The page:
TELEVISION favourite Paddy McGuinness talks to Nick Jackson about fame, the future — and how he was scared to leave his job at Horwich Leisure Centre
BOLTON TV star Paddy McGuinness has revealed how difficult it was to take the agonising “leap of faith” to become a professional entertainer.
The 40-year-old presenter of hit Saturday night dating show Take Me Out told how he was reluctant to quit his job at Horwich Leisure Centre where he worked as a manager, fitness instructor and lifeguard for more than seven years before becoming a TV hit.
Even as he was rising to fame alongside fellow Boltonians Peter Kay and Dave Spikey, filming episodes of the acclaimed Phoenix Nights, he continued his shifts at the leisure centre.
Paddy, whose model wife Christine Martin gave birth to twins Leo Joseph and Penelope Patricia in July, said: “I was still working in the leisure centres for both series.
“For the second series, I had a contract as a full-time fitness instructor, so they gave me a bit of time off.
“It was only when we did Max and Paddy that I took the plunge and left. It was funny, because Chris Jackson, who was manager and who is still there, said when I announced my decision to go full-time into the entertainment business ‘Oh, are you sure?’ “I can tell you, it was the right decision.”
And Paddy told how his pal and fellow comedy star John Bishop had the same dilemma.
He added: “You’d see him on the comedy circuit doing all the clubs and I used to say ‘when are you going to give it a whirl?’ And he’d say ‘I’m not sure’.
“For most working class lads, if you’re not working, you’re not earning. So to take a leap of faith and quit a job for a career with no guarantees is a very big thing.”
But rising to the top of the entertainment industry never entered Paddy’s head when his long-time pal Peter Kay included him in his plans.
He said: “I thought it would be a bit of a laugh.
“Like any young lad, I think I was only about 22 at the time, you think ‘this’ll get me girls and earn me some money’.
“When you’re young you don’t think about mortgages.”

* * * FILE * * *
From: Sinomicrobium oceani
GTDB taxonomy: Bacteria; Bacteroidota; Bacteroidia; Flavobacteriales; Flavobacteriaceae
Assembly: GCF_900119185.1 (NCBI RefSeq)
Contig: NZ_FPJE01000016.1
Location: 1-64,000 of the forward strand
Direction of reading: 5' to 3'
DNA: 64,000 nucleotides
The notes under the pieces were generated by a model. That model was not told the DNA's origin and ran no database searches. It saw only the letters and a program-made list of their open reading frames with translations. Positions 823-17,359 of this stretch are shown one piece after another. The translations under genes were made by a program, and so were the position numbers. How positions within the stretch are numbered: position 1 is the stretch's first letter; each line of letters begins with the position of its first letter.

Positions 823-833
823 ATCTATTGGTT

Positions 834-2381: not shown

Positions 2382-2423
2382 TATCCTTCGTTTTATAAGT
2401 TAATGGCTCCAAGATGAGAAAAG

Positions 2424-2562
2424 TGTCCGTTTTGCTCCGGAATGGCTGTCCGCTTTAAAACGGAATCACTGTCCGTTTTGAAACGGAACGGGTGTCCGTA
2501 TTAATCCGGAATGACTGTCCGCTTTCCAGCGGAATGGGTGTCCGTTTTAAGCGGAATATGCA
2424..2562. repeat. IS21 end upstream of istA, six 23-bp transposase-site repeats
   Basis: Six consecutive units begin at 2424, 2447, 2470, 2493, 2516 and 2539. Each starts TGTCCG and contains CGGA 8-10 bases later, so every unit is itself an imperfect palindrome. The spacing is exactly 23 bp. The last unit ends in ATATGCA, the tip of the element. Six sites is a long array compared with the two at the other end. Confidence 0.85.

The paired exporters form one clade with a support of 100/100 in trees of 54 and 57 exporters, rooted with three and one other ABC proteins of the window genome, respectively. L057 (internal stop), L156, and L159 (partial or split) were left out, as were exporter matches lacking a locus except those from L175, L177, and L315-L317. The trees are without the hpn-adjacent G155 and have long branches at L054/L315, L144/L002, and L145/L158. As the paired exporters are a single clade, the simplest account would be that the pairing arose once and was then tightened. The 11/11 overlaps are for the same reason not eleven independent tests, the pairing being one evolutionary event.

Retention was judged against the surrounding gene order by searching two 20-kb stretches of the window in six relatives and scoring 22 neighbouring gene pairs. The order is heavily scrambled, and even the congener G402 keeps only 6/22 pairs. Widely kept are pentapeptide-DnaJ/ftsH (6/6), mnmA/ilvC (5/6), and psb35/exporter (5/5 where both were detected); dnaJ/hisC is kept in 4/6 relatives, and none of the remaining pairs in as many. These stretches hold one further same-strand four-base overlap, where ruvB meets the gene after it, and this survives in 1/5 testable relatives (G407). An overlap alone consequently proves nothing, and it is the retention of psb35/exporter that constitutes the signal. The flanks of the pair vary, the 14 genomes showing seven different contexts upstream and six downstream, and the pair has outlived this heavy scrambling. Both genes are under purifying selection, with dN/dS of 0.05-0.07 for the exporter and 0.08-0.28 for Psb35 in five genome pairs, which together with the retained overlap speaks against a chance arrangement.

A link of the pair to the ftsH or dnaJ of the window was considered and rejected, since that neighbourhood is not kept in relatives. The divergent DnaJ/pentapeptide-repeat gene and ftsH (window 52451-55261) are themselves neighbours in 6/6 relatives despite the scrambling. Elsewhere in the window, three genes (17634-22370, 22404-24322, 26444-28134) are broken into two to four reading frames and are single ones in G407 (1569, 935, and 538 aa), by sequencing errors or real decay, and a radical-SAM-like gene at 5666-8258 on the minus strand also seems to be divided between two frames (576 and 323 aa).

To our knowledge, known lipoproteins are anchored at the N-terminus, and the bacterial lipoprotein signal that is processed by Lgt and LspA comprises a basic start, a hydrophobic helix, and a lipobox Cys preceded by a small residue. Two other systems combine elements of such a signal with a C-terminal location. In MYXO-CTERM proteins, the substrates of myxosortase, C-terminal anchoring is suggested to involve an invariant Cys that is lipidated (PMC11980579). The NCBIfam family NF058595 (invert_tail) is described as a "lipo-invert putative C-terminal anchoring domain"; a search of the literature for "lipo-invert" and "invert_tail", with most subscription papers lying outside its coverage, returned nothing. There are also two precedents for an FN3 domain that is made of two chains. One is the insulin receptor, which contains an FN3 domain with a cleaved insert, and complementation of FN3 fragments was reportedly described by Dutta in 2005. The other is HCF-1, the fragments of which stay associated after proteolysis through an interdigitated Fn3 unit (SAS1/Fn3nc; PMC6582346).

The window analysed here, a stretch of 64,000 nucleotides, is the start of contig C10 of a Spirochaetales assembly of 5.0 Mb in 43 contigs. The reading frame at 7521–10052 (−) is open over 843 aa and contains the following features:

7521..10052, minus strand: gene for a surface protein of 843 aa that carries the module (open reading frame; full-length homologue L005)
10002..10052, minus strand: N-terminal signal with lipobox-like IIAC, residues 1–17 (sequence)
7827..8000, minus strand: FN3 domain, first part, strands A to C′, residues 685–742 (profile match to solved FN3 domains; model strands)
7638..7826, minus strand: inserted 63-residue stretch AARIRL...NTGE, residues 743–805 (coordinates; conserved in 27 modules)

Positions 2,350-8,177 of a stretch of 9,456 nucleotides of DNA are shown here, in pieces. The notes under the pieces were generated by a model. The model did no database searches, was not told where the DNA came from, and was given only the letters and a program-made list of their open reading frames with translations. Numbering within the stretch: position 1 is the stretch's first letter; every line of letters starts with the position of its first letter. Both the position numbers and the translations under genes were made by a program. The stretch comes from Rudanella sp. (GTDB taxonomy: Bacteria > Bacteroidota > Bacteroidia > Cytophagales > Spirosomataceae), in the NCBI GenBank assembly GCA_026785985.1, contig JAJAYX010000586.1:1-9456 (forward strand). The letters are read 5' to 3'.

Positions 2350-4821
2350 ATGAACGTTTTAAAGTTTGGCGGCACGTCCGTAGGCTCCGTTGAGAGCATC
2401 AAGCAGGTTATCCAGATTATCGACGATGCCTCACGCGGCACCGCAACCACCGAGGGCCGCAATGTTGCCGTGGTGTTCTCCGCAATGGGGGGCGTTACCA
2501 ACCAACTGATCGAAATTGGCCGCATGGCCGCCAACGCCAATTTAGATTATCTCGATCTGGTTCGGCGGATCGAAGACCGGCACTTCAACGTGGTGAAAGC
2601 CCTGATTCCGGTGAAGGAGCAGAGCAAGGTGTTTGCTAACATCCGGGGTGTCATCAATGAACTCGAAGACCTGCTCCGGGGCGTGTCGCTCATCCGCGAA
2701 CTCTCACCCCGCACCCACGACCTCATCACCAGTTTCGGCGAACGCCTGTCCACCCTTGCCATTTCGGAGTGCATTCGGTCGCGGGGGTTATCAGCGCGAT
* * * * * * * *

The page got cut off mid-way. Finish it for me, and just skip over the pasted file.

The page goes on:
Paddy is keen to point out his rise to TV stardom has been by no means meteoric and he has had time to adjust to becoming a household name.
He added: “I think people forget I’ve been doing telly for 15 years. And it’s been a long process to get to the stage I am now at.
“Everyone sees I’ve got this Saturday night show and they think, ‘where’s he come from?’ “But getting to this stage has been a slow burner and I’m kind of used to it.”
Regardless of his fame, former Mount St Joseph High School pupil Paddy has been determined to remain close to his Bolton roots.
He said: “I still live in Bolton and I still see all my mates. I still play football with all the pals I worked with. My life is exactly the same as before, apart from having a nicer house.
“As my career developed, transport links to London became better. It’s two hours now on the train.
“I go down in the morning, and I’m back home for tea time. It’s mad, because I’ve got mates who’ve never been to London. To me it’s just part of the game. I’ve found it easy to fulfil my TV commitments by commuting between Bolton and London.”
And Paddy is unfazed by any thoughts of falling off the top of the TV tree.
He added: “You’re not guaranteed anything. With Take Me Out, it does all right, people enjoy it, and ITV like it. But literally, every series I finish of it, I think ‘right, if I get the call, I’ll be back in’.
“I never take anything for granted in this job, but it’s amazing. I caught Celebrity Big Brother the other week and Jim Davidson was in there. He was the biggest star in the UK and it just makes you think how things change.”